EPA Science Inventory

Strain Differences in Dimethylbenz[a]anthracene-Induced Mammary Tumor Incidence in Long Evans and Sprague Dawley Rat Offspring Following Prenatal Atrazine Exposure

Citation:

STANKO, J., C. C. DAVIS, AND S. E. FENTON. Strain Differences in Dimethylbenz[a]anthracene-Induced Mammary Tumor Incidence in Long Evans and Sprague Dawley Rat Offspring Following Prenatal Atrazine Exposure. Presented at American Association for Cancer Research (AACR), Denver, CO, April 18 - 22, 2009.

Impact/Purpose:

This work evaluates the differences in mammary gland development and tumor susceptibility in two commonly used strains of rat. It also addresses the dose responsiveness of these endpoints to a commonly used herbicide, atrazine, which is currently under re-evaluation under its iRED by OW and OPPTS. Our results show that when tumor formation is stimulated by the chemical carcinogen DMBA, there are differences in incidence of tumor formation in response to prenatal exposure to atrazine in the Long-Evans rat and not the Sprague Dawley.

Description:

It has been shown that prenatal exposure to the chlorotriazine herbicide atrazine (ATR) during mammary bud outgrowth (late gestation) delays postnatal mammary epithelial progression in Long Evans (LE) rats. Our laboratory has recently found that prenatal exposure to ATR also effects postnatal mammary gland development in Sprague Dawley (SD) rats. To determine if ATR-induced developmental delays alter susceptibility to mammary carcinogenesis, timed-pregnant LE (>10/treatment) and SD (>20/treatment) dams were gavage dosed with 0, 12.5, 25, or 50 mg ATR/kg body weight (BW) 2x/day on gestation days 15-19. Female offspring were then gavage dosed with 30 mg dimethylbenz[a]anthracene (DMBA)/kg BW on postnatal day 45, a time when mammary glands have largely matured in untreated animals. Animals were palpated weekly for mammary tumors and necropsied at 18 or 24 weeks following DMBA treatment. All values are reported as means ± standard error and animals were considered individually in statistical analyses as DMBA exposure was conducted post-weaning. Statistical differences were assessed by either ANOVA or trend analysis. SD offspring exhibited overall mammary tumor incidences of 40, 24, 52, and 52% (p=0.07) in the 0, 12.5, 25, and 50 mg ATR/kg BW treatment groups, respectively. Mammary tumor latency (time to first palpable tumor following DMBA treatment; 18.3 ± 1.8, 22.0 ± 2.0, 17.5 ± 1.4, 20.9 ± 1.1 weeks), mean number of tumors/treatment group (0.9 ± 0.3, 0.6 ± 0.3, 1.5 ± 0.3, 0.8 ± 0.3), tumor multiplicity (2.3 ± 0.5, 2.4 ± 0.5, 2.9 ± 0.7, 1.5 ± 0.3 tumors/tumor bearing animal), and tumor volume (1.3 ± 0.7, 1.6 ± 1.5, 1.6 ± 0.9, and 0.4 ± 0.1 cm3) were unchanged by ATR treatment compared to controls. In contrast, LE offspring exhibited mammary tumor incidences of 38, 45, 62, and 60% (p=0.05) in the 0, 12.5, 25, and 50 mg ATR/kg BW treatment groups, respectively. Although mammary tumor multiplicity (1.1 ± 0.1, 1.5 ± 0.2, 1.7 ± 0.3, and 2.0 ± 0.5 tumors/tumor bearing animal; p=0.06) was not significantly increased, there was a dose-related increase in the number of animals with more than one tumor (5, 18, 24, and 30%; p<0.05) and the mean number of tumors/treatment group was greater in the 25 mg ATR/kg BW (1.1 ± 0.2; p<0.05) and 50 mg ATR/kg BW (1.2 ± 0.3; p<0.05) compared to control animals (0.4 ± 0.2). Tumor latency (20.3 ± 1.6, 21.0 1.0, 18.6 ± 1.5, 19.8 ± 2.2 weeks) and tumor volume (0.9 ± 0.5, 0.3 ± 0.2, 0.7 ± 0.4, and 19.4 ± 15.7 cm3) were unchanged in LE offspring following prenatal exposure to ATR. These data suggest that ATR-induced delays in mammary gland development may increase the susceptibility of LE rats to mammary carcinogenesis, more so than in SD rats. (This abstract does not necessarily reflect EPA policy).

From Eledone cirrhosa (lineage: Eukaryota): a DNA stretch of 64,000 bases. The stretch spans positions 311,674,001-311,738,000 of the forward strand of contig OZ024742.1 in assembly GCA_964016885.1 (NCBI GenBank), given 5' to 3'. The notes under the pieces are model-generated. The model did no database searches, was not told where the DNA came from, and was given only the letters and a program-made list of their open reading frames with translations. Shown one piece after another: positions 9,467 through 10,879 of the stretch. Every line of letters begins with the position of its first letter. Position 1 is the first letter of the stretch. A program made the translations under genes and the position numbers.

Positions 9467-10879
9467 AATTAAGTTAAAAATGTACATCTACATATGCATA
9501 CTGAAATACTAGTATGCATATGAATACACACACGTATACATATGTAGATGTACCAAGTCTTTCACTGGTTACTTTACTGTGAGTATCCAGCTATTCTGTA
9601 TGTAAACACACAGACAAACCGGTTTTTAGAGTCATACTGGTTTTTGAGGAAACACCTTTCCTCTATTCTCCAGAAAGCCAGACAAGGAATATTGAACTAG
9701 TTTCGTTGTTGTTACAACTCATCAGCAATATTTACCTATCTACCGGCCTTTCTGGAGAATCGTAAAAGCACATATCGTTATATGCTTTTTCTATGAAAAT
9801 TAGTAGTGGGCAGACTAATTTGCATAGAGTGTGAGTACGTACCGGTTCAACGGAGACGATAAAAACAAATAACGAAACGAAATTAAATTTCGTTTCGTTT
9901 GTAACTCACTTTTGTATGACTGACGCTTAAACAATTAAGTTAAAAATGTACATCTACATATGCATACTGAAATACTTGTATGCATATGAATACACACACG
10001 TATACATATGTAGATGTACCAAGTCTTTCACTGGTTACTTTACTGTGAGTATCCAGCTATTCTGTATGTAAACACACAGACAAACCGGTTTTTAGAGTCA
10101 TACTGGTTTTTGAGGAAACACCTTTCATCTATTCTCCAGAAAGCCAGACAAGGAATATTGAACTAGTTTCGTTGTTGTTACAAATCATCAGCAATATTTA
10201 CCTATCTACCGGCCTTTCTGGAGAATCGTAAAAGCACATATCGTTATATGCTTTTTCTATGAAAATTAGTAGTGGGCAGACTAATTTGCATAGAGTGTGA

Record Details:

Record Type: DOCUMENT (PRESENTATION/ABSTRACT)
Product Published Date: 04/20/2009
Record Last Revised: 04/20/2009
OMB Category: Other
Record ID: 202203

Organization:

U.S. ENVIRONMENTAL PROTECTION AGENCY

OFFICE OF RESEARCH AND DEVELOPMENT

NATIONAL HEALTH AND ENVIRONMENTAL EFFECTS RESEARCH LABORATORY

REPRODUCTIVE TOXICOLOGY DIVISION

DEVELOPMENTAL BIOLOGY BRANCH